Variable annuity sales reached a new record high in the 2nd quarter of 2006, with new sales of $40.8 billion, 8.5% over 1st quarter new sales of $37.6 billion, which was itself a high water mark. Year-to-date new sales of $78.5 billion represents a 22% gain over mid-year 2005 sales, putting the industry on track to exceed $150 billion in annual sales this year.
Compared to 2005 year-to-date sales, the top 5 companies by percentage change in year-to-date 2006 sales were Fidelity with a 192% increase; Genworth Financial, up 64%; Pacific Life, higher by 57%; Jackson National up 52%; and John Hancock with a 50% increase in new sales.
The combination of a 12% gain in sales volume and the acquisition of Travelers moved MetLife into the top spot for both the 2nd quarter and the year-to-date period, ahead of second ranked TIAA-CREF. Pacific Life had the largest jump in ranking, moving from number 10 in the prior year-to-date period to the number 6 slot at the midpoint of 2006.
The top 5 non-group contracts continue to be a stable bunch. In the year-to-date period ending June 30, the top selling non-group variable annuity was John Hancock’s Venture III, an L-share (3-year surrender charge) product that offers a “for life” guaranteed minimum withdrawal benefit, with $3.1 billion in new sales and 3.9% market share. Behind the Venture III contract were the Retirement Advisor Advantage Plus from RiverSource Annuities (Ameriprise), with $2.6 billion in new sales and a 3.4% share; Jackson National’s Perspective II, with $2.2 billion and a 2.9% share of the VA market; Pacific Life’s Innovations Select at $2.2 billion with a 2.8% share; and AXA Equitable’s Accumulator Elite 2004 variable annuity with $1.9 billion in new sales and a market share of 2.4%.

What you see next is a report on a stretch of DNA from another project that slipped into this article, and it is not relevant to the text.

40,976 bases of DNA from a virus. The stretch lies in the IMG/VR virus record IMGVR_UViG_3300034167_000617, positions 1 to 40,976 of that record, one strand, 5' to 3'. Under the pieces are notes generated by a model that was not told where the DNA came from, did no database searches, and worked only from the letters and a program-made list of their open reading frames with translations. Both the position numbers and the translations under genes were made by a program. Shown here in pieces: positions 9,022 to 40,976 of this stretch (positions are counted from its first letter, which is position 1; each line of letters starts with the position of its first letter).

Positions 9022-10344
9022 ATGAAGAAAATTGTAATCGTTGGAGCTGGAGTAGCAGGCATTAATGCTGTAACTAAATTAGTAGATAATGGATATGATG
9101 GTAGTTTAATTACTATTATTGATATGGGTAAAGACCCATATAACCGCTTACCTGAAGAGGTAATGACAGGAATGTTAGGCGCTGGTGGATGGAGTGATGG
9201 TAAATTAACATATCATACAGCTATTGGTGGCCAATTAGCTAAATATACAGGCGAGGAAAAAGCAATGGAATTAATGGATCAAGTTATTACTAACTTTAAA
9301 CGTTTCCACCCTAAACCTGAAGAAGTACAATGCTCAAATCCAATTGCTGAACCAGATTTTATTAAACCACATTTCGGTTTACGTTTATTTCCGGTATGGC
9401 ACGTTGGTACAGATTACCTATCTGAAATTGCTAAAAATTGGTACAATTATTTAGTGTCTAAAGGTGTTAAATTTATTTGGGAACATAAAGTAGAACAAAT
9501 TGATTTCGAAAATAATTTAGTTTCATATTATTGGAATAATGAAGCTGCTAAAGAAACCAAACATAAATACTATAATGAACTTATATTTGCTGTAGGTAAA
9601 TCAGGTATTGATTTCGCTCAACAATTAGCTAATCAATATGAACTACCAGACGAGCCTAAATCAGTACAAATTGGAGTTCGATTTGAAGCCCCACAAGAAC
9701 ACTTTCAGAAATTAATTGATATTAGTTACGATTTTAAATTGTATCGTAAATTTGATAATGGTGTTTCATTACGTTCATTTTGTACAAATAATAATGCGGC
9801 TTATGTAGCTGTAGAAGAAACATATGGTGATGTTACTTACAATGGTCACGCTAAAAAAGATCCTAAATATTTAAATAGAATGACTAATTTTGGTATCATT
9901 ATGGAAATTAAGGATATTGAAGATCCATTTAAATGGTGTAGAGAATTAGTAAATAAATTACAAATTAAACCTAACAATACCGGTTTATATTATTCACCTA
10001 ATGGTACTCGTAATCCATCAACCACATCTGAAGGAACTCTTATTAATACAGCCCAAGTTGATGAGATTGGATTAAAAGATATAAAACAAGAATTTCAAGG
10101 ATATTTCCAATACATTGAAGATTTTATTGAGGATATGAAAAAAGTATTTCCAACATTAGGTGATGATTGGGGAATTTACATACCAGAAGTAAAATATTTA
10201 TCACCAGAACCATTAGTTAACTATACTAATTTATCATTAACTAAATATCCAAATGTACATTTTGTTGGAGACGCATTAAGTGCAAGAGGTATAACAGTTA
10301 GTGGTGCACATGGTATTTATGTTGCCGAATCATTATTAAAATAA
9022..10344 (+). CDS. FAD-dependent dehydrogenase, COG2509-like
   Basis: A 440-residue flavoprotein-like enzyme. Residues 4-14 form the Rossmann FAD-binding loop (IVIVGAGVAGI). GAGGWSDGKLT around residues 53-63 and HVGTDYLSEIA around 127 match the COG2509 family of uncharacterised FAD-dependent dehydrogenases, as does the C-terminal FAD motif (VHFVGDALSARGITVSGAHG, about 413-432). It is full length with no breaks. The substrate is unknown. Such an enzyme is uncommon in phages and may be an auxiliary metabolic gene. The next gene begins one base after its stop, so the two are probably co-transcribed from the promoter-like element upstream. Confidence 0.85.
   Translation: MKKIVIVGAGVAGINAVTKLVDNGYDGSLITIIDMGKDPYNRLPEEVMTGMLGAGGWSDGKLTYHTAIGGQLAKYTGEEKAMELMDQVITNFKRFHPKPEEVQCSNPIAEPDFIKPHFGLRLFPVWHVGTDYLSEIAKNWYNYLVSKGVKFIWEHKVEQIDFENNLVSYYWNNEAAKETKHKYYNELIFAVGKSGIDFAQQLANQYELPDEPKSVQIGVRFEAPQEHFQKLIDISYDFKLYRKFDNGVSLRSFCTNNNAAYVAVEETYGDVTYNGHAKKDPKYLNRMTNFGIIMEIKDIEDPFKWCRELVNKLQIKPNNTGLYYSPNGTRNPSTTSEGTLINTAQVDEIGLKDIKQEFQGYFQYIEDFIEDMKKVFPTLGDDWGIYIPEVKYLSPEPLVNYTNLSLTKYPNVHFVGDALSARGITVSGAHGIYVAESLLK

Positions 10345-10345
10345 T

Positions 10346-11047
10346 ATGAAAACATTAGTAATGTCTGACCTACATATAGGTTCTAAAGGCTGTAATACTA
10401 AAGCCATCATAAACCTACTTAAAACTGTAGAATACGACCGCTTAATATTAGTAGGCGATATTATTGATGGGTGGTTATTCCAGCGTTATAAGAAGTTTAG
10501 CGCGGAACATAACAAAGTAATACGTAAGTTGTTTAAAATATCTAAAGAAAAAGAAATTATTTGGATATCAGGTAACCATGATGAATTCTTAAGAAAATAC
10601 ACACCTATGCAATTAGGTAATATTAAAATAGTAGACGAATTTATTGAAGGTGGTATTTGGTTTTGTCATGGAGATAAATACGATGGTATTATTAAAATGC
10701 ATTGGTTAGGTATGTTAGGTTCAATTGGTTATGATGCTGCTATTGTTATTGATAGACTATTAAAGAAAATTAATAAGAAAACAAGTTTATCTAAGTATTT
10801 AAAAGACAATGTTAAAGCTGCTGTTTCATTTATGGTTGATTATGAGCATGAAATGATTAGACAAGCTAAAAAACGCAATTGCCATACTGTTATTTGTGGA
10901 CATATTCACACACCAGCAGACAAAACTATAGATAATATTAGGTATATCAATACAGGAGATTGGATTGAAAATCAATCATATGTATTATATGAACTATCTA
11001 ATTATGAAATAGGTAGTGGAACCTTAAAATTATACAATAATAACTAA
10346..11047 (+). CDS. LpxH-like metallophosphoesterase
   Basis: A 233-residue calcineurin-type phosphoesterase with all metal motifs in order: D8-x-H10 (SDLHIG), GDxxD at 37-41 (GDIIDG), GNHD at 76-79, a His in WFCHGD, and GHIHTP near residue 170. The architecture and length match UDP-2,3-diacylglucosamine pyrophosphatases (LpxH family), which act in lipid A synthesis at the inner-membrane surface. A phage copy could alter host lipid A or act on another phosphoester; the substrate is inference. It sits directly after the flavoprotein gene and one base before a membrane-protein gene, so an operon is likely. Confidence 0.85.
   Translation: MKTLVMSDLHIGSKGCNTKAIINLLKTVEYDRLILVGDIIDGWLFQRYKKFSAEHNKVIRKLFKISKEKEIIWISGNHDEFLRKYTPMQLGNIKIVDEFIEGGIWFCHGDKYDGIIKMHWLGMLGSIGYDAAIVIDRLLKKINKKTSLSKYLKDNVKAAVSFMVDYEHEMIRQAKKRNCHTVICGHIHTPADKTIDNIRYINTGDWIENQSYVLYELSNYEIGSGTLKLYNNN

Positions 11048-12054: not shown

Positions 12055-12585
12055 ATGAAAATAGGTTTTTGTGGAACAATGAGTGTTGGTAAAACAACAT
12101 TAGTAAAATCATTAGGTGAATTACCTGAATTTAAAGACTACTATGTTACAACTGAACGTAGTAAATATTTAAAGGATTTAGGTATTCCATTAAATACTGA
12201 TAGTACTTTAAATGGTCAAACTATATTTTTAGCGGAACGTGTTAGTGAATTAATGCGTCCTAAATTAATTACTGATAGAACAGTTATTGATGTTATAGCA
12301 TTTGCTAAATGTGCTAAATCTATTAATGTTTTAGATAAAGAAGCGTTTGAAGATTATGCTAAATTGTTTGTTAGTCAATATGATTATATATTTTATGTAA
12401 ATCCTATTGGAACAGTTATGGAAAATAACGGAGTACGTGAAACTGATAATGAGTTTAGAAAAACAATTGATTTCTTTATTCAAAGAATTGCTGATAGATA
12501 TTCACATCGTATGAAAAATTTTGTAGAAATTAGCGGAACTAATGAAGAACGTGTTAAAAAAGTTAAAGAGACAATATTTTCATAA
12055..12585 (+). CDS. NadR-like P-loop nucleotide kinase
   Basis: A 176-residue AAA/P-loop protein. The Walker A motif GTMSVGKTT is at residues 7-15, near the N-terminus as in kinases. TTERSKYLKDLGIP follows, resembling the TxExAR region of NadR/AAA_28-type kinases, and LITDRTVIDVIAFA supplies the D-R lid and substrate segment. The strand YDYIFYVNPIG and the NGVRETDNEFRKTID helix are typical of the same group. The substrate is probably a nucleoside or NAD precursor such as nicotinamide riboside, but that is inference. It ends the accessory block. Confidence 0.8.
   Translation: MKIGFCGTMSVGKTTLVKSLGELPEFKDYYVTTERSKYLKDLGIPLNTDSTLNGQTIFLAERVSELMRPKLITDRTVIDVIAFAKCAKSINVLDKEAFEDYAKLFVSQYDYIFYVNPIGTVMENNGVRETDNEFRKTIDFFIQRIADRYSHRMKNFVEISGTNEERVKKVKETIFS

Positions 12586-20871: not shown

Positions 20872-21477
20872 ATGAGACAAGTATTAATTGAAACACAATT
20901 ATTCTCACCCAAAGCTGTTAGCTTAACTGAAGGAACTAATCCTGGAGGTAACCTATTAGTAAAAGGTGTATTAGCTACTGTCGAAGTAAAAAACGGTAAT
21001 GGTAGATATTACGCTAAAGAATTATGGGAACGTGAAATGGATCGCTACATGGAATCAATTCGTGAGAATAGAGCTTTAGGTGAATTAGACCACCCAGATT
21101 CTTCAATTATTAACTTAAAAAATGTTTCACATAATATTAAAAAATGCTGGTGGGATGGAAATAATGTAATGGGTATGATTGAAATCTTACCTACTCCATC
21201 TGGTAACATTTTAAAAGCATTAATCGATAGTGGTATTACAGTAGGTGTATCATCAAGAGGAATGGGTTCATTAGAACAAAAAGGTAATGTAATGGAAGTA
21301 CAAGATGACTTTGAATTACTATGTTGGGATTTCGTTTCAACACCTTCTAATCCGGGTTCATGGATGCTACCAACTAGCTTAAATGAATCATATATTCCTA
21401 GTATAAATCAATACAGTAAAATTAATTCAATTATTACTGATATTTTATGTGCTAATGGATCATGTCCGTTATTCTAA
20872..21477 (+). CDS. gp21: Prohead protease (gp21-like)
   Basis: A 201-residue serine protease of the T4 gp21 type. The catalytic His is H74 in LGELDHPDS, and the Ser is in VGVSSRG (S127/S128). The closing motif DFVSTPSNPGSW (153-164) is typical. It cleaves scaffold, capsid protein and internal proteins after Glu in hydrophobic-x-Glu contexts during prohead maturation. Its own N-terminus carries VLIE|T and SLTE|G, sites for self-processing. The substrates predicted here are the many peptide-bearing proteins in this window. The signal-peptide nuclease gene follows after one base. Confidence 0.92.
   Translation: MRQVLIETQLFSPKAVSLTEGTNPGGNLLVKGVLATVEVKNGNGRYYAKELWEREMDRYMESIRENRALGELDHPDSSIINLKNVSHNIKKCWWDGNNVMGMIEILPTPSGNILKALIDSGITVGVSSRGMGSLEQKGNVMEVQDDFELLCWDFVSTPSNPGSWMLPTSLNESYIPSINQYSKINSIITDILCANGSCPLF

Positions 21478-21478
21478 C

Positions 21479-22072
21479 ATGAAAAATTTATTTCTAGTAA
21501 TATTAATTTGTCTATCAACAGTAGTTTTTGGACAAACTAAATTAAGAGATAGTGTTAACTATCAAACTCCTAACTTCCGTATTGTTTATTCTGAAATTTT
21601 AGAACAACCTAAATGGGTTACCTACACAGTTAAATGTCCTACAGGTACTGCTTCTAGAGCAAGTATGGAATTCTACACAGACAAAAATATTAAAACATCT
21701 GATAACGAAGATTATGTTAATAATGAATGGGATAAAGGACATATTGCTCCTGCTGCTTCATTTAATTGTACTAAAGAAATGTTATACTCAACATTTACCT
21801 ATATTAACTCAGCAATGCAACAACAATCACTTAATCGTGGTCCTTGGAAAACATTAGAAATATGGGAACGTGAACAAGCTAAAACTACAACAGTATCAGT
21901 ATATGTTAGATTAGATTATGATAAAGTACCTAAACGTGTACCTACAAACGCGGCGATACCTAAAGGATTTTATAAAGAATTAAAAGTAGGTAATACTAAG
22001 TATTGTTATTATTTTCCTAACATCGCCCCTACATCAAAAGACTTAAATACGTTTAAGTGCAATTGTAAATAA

Industry assets are up 5.4% as of June 30, increasing to $1,263.2 billion from $1,198.4 billion as of the end of 2005. On a quarter over quarter basis, assets are up just 0.2% from $1,260.6 billion on March 31, 2006. Industry assets continue to concentrate in equities, particularly large capitalization domestic equities. As of June 30, 60% of VA assets were concentrated in large cap sub-accounts and the general accounts of the insurers, at 39.1% and 20.9% respectively.
Investment in allocation investment options–a category that includes the fund of fund sub-accounts often required when electing certain living benefit options–continued to increase. At the end of 2005, allocation sub-accounts had an 8.8% share of total assets, vs. a 9.4% share as of the end of June. The share of assets in these investment types can be expected to continue to grow rapidly as living benefit guarantees continue to appeal to growing numbers of investors in or near retirement.